Designed by William Stroudley the London, Brighton and South Coast Railway built 50 class A1 0-6-0 tank locomotives between 1872 and 1880 for London suburban passenger service. The sprightly engines became known as 'Terriers' to commuters and enthusiasts from the sharp bark of the exhaust. Soon displaced from their original duties the Terriers found other work, many branch lines benefiting from these quite new engines with some sold to other operators, including the SE&CR, LSWR, the Isle of Wight railway companies, K&ESR and WC&PR light railways and the Newhaven Harbour company.
17 of the class were upgraded with new boilers during their working lives, becoming the A1X class and the last Terriers were not withdrawn from British Railways service until the closure of the Hayling Island branch in October 1963. By this date two Terriers had already entered preservation and 55 Stepney had hauled the opening train on the Bluebell Railway. A total of 10 have been preserved, most having been restored to service on heritage railways with 4 being operational during 2017.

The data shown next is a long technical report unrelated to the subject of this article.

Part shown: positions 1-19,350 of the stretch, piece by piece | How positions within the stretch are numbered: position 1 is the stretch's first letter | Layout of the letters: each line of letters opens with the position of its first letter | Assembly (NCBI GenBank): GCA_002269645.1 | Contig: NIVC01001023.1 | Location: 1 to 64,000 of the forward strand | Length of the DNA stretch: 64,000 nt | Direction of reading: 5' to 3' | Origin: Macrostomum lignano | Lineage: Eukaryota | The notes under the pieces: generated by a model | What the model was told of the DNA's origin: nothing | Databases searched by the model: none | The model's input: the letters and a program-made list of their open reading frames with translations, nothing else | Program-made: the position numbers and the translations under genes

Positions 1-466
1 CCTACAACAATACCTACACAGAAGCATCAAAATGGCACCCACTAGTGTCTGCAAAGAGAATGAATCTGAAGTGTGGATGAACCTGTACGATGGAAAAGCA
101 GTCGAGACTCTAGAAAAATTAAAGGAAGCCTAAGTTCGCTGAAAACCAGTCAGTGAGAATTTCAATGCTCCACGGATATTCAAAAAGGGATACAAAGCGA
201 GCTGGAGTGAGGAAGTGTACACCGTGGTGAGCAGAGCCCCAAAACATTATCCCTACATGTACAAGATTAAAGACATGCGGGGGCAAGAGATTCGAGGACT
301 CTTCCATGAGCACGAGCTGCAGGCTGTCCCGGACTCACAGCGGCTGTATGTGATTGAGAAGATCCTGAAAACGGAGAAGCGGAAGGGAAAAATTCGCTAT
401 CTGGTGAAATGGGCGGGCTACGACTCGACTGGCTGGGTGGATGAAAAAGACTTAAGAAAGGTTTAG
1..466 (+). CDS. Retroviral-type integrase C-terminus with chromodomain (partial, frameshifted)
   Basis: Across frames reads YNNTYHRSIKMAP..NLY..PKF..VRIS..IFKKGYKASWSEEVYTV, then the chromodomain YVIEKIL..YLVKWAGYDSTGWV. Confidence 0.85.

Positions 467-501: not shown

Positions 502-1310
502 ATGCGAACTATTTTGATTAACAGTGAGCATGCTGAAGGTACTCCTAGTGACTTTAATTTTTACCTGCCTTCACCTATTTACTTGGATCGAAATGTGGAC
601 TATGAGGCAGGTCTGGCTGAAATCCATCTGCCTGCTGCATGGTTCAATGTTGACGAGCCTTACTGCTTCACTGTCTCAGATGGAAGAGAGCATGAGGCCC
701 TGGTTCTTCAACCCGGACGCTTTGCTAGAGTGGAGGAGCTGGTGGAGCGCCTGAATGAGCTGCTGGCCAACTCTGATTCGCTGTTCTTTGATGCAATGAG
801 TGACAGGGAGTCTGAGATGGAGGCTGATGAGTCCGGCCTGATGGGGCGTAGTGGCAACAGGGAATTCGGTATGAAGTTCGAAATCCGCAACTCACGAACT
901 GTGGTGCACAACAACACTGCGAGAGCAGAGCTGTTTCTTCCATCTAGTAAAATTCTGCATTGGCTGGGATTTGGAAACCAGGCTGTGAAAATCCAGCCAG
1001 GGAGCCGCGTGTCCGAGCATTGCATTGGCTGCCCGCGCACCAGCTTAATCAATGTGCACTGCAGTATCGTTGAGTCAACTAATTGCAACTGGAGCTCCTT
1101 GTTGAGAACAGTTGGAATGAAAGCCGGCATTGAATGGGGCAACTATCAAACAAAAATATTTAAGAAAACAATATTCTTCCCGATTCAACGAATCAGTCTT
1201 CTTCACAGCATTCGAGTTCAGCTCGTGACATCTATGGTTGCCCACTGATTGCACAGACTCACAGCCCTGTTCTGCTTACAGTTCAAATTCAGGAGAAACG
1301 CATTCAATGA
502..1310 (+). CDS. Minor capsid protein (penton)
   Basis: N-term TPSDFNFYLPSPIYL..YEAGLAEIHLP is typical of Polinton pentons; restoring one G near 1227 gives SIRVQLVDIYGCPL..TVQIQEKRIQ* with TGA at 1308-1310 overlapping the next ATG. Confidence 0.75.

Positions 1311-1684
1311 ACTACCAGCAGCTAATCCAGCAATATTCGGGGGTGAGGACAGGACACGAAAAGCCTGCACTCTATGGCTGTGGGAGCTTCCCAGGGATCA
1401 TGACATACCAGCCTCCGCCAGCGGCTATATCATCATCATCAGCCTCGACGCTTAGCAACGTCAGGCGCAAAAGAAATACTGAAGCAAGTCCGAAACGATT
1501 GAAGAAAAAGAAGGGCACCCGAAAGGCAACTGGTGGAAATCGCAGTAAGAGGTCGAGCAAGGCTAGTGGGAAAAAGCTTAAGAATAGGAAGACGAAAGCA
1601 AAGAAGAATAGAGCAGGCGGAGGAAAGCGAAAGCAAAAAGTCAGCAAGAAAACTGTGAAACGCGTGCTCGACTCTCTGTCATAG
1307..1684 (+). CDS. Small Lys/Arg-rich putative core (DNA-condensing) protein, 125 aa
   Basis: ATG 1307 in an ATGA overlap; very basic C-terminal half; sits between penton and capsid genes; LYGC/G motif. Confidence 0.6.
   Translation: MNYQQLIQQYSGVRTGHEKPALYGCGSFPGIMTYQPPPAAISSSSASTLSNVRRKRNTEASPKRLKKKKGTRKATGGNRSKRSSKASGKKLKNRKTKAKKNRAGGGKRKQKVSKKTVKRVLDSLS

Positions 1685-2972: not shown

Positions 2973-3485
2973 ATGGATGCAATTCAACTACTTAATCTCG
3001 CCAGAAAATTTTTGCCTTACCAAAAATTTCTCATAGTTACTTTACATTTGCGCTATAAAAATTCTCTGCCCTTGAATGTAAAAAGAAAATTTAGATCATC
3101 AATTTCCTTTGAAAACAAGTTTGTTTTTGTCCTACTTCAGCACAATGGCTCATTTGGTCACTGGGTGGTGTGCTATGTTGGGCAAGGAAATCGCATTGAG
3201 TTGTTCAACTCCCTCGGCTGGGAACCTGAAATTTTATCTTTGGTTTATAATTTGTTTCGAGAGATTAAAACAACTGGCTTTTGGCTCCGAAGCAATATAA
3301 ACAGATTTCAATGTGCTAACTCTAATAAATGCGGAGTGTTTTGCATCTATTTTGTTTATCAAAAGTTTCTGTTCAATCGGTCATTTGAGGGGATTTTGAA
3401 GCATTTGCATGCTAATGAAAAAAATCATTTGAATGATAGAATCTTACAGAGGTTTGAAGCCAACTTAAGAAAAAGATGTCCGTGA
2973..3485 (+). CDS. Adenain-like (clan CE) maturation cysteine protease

The Dapol O gauge model has been created from a detailed laser-scan of W8 Freshwater on the Isle of Wight steam railway. A great deal of attention has been applied to the detail changes made to these engines over their long lives, with the tooling being designed to allow for both the original A1 (with smokebox wings) and later reboilered A1X class (with longer smokebox) to be produced. The cab has been kept completely unobstructed allowing for full internal detailing, ready for the crew to board! In addition to the chassis the running plate and wheels are die-cast to increase the weight while a skew-wound 5 pole motor is installed to provide smooth torque at low speeds.